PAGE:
Part I: Academic v. Social Conversations
Because we spent the first two days getting to know one another (a.k.a., being very social), I first taught a lesson on social versus academic conversations. This idea comes from Academic Conversations by Jeff Zwiers. I wanted my students to understand that, although we all love to be social, it is very important for us to focus on academic conversations for learning to occur.
In this lesson, I taught the Think-Pair-Share strategy. This is one that I use often. This strategy shows up in many of the trainings I attend and is also a component of our school AVID program. This is one of my favorite strategies to use because it gives all students a chance to process information. My classroom consists largely of English Language Learners, dyslexic students, and those who failed the state reading test. These kids need time to think and share ideas without the pressure of being wrong.
We used the Think-Pair-Share ideas to create anchor charts, showing how students can learn from talking:
One part of this lesson did not work: the t-chart. My students had a difficult time coming up with ways to characterize what academic conversations are and are not. When I saw this backfire, I started presenting examples for the kids to categorize.
The biggest benefit: As soon as this lesson was complete, I started using the terms social and academic conversation while the kids were working. As soon as I asked social groups which type of conversation they were using, they were able to immediately get back on track.
Part II: Learning Target
As part of a school district pilot program for a newly adopted instructional model, my students were presented with a learning target. This is essentially the same as an objective, but it is written as a learning goal for the students. In this case, my kids needed to be able to explain the difference between social and academic conversations. They were presented with the goal at the beginning of the lesson. We did not stop the discussion until I received a thumbs up from all students, telling me that they were prepared to write their explanations about the two types of conversations.
Once it was clear that we were now moving away from social conversations and into academic conversations, I presented the kids with their collaboration activity. I did get this idea from Teach Like a Pirate, and because collaboration is another key component of our AVID program, I jumped at the chance to use it.
After searching online, I choose an activity in which students had to choose four people out of ten who would be placed on the lifeboat of a sinking ship. When I modified the activity for my classroom, I did not put any thought into the kind of conversations my students would have. If I had, I do not think I would have been able to imagine what they came up with. Many groups immediately left the captain to die, simply because they thought he was not a good person. One group contemplated whether or not they would eat the infant once he/she was born. Some thought the radio operator would be more concerned with flirting than working.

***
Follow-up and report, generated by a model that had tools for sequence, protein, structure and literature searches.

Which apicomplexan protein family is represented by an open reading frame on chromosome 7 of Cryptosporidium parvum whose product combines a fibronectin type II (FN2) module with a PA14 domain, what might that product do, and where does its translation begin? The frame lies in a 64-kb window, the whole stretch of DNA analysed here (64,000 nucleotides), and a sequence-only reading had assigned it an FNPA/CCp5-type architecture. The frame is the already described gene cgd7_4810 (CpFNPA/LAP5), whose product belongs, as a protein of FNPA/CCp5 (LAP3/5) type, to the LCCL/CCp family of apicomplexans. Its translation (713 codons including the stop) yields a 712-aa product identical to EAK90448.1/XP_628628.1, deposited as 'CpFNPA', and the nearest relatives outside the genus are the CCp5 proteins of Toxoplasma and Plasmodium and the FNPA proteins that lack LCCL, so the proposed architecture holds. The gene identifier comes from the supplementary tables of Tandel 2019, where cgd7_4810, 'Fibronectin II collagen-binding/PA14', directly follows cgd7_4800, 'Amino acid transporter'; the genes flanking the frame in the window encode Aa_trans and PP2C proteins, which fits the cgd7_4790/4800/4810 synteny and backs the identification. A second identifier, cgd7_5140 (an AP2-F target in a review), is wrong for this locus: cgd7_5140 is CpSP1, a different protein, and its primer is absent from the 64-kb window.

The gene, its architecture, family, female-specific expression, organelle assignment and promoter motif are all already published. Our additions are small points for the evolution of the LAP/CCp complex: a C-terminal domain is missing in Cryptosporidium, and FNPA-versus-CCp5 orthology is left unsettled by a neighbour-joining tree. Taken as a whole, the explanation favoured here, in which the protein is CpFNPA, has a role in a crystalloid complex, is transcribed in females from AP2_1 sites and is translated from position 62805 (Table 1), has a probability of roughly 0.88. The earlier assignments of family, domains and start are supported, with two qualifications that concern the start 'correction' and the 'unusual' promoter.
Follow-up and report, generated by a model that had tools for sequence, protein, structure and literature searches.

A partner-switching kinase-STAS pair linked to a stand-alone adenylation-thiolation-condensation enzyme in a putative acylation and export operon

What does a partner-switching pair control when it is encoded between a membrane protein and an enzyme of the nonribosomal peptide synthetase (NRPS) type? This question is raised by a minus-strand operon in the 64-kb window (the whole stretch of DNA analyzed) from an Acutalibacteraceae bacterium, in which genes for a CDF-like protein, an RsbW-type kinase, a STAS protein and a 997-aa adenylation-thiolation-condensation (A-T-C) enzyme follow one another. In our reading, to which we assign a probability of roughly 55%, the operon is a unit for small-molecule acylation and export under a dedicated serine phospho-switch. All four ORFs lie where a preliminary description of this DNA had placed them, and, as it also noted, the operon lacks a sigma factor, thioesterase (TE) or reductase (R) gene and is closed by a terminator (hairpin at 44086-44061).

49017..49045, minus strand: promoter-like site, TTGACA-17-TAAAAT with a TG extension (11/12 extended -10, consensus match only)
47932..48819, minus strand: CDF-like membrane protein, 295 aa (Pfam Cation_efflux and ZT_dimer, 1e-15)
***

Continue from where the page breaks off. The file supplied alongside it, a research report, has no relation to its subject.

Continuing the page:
While my colleagues complained about sore throats from going over so many rules the first few days, I was walking around my classroom, listening to amazing first week conversations.
Part IV: Philosophical Chairs
Because the discussions in each class were different, my two smallest classes finished the collaboration activity sooner than my two larger classes. I used the extra time for a philosophical chairs activity connected to the survival game.
Philosophical chairs is an activity I have always been afraid of. I participate in the activity every time I attend an AVID conference, but I have never had the courage to try using it in the classroom. This year, however, as part of our AVID site plan, I have to. So why not get one done early?
Because I did this off the top of my head, I was not expecting my students to understand. This is how I presented the activity:
- As we discussed each character on the list, they would move to one side of the room or the other to show that they had saved or not saved that person.
- When given my finger pointer, they had permission to speak. Everyone else was required to listen.
- When speaking, I provided them with the sentence stem, "I saved/did not save ____ because ___."
- Once a student spoke on one side of the room, I would move to the other side of the room.
- The student on the other side had to paraphrase first, using the stem, "I heard you say ___, but I think ___."
The "debate" turned out to be remarkable. Students articulated their thoughts clearly. They actually listened to one another and were able to paraphrase information. I even had students switch sides, an element I had not even discussed with them, once they heard different thoughts from different groups.
Once we completed the activity, I asked the students for feedback. I was greeted with big smiles and bright eyes. They loved it. One of my AVID students had groaned when I mentioned what we were going to do, but by the time we finished, she said she enjoyed it because it was done differently than her previous experiences. She said she hated the paperwork part. She was shocked when I told her that she had done the paperwork in the collaboration activity.
So what exactly did I do in three days?
- graphic organizers
- learning targets
- formative assessment
- summative assessment
- anchor charts
- Philosophical chairs
- English Language Proficiency Standards - reading, writing, listening, speaking
And I did all of this without having to do much speaking or lecturing of my own.